Wibby often shoots himself out of competition with double bogeys on the opening holes, a tendency he attributes to rookie nerves. But he says he is getting more comfortable out on the course with each qualifier he enters and insists that he is becoming a better player. Thanks to his years at Duracell, he is well situated financially, as are his ex-wife and son, who live in Palm Beach, Florida, and he has the luxury to keep chasing his dreams in his late-model Mercedes convertible.
"I have no responsibilities, so I can play as much golf as I want to," he says with an unembarrassed grin. "Besides, it's a hell of a lot better than going back to the corporate world. With the stock market the way it is, and the economy the way it is, who wants to do that?"
Bob Longo, 52, is the son of a butcher from Utica, New York, and the head professional at Seawane Club in Hewlett Harbor on Long Island for the past eighteen years. Stout and strong armed, he can drive the ball well over 300 yards with fairway-splitting consistency and but for a balky putting touch might well have gotten through Senior Tour qualifying school in 2000, where he missed by a single shot. But that year he qualified for the Lightpath Classic at Bethpage, and repeated the feat in 2002. His priorities, he says, are his wife, kids and club job. But if he were to go on and win the Lightpath. . . . "We'll just cross that bridge when we come to it," he says with a wink.
Kersenbrock, another late bloomer, took up golf in his mid-twenties, when he quickly distinguished himself in local and regional long-drive contests in Nevada, Arizona and California. He was considering turning pro when he met his wife, Fran, a devout evangelical who introduced him to her church. Kersenbrock soon became an associate pastor, working construction jobs during the week to support his growing family until an act of God intervened.
"After I got saved, I quit playing golf for thirteen years," Kersenbrock recalls. "Then our house burned down and we moved to a new home located at the corner of Golf and Niblick Streets. My congregation, my family and I took that as a sign that I should start playing the game again."
Kersenbrock says he is content to progress gradually toward his goal of making the Champions Tour, relying on his gifts of strength and flexibility as he learns more about technique. In 2001, he missed the cut in the first stage of the Senior Tour qualifying school but plans to keep trying. As of the Bethpage event, he had competed in about a dozen Monday qualifiers. His best showing was missing a play-off in the Greystone Classic qualifier by one stroke. But he believes one of his greatest contributions to the circuit may prove to be his work as a faith healer.
"Several times I've laid hands on people and they've been healed," Kersenbrock claims. "I've healed people who've had problems with their eyes, their walking, people with colds, people with illnesses as severe as kidney cancer and people with emotional and mental illness. I'm not just out there to play golf. One of the things I love about Monday qualifying is the people I meet. I love to lift people up. And there's a lot of hopelessness and discouragement out there."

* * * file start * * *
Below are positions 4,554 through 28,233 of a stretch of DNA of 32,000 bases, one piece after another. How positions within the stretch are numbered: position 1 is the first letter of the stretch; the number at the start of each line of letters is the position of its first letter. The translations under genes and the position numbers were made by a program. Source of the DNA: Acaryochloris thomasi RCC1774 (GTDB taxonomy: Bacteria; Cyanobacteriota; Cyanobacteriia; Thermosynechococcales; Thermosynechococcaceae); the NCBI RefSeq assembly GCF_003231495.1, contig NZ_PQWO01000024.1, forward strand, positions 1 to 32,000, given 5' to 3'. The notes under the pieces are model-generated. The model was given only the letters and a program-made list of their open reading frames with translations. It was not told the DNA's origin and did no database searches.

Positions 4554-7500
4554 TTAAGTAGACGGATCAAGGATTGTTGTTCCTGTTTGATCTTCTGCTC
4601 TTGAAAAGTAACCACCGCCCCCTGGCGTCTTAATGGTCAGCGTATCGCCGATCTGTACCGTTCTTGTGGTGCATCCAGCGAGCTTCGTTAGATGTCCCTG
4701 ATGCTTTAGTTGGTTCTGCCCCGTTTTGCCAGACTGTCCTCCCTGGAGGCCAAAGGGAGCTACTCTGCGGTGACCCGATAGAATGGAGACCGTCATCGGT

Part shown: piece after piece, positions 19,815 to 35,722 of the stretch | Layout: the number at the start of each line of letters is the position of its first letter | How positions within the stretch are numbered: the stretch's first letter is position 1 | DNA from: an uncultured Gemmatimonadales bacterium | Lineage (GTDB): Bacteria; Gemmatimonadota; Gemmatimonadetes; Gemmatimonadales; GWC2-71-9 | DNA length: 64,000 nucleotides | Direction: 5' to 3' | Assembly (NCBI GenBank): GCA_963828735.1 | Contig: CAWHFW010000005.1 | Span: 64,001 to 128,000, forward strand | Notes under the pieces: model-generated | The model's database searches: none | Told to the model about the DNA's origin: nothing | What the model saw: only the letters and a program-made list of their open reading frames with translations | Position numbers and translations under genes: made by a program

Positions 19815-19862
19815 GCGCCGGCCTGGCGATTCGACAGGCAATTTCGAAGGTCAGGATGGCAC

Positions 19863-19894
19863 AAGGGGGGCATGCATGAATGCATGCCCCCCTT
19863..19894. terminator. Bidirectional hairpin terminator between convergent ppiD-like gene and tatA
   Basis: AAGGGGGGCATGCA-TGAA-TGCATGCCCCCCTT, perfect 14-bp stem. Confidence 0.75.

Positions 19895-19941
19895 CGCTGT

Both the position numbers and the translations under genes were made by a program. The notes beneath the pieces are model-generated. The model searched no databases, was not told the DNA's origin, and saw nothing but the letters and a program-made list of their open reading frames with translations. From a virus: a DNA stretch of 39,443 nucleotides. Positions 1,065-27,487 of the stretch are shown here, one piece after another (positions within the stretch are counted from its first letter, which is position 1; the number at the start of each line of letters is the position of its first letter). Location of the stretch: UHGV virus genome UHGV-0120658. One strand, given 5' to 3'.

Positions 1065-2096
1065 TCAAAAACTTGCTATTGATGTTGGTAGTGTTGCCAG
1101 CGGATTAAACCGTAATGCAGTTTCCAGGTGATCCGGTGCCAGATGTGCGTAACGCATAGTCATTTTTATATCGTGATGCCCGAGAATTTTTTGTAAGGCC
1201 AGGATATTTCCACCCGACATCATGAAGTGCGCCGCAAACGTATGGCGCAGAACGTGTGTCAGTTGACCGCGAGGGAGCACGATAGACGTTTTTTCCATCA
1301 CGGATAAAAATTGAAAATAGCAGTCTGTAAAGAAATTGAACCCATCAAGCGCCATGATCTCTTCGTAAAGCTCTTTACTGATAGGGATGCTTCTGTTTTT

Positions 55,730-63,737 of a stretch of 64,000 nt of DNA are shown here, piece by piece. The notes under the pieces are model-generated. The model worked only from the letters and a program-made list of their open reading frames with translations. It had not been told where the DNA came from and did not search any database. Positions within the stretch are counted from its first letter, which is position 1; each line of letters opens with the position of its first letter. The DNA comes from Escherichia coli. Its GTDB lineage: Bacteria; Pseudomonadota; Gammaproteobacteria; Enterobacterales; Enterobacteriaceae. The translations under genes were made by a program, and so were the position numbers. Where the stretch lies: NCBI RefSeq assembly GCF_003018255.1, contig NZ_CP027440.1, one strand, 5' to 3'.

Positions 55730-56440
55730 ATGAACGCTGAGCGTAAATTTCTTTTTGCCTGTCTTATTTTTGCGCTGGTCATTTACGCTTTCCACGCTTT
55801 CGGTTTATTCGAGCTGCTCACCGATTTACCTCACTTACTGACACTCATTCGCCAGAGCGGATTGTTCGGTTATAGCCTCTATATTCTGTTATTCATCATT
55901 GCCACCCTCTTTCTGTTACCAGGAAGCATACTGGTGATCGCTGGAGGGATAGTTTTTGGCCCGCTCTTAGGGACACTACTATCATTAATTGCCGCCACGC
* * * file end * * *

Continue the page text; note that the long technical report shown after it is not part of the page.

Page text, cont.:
James Mason is who every Champions Tour wanna-be wants to be. He is one of only nine players in the history of the circuit who has won a spot in Monday qualifying and then gone on to capture the tournament that week. A sturdy five-foot-eleven and 240 pounds, Mason played college golf at Auburn and thrice failed to make it through qualifying school for the regular PGA Tour. Like the silhouette on the Champions Tour logo, he wears knickers in competitive rounds, a fashion he adopted after participating in a charity event with the late Payne Stewart.
Mason's breakthrough victory did not come easily or overnight. After turning fifty in January 2001, he won spots in five of fourteen Monday qualifiers he played in, only to fall apart in the full-field tournaments. That is not uncommon. As Mason points out, Monday qualifying is the highlight of the week for most Monday qualifiers, who then tend to forget that they have to turn in peak performances all over again on Friday, Saturday and Sunday. They also have to overcome the awestruck factor.
"I had been intimidated by playing against the big names you see on TV," Mason recalls prior to teeing off in the Lightpath. "It took me awhile to realize I'm not playing against these big guys, I'm playing against the golf course. After that, I finally got out of my own way."
In the first round of the 2002 NFL Classic, Mason scorched the 6,816-yard par-seventy-two Upper Montclair Country Club in New Jersey with a sixty-five to grab a one-shot lead. But after stumbling to a seventy-three under unfamiliar media attention in the second round, it took a couple of miracles for Mason to pull through. En route to his final round sixty-nine, he holed out for eagle from 100 yards on the second hole, then holed a bunker shot for a birdie on the sixth.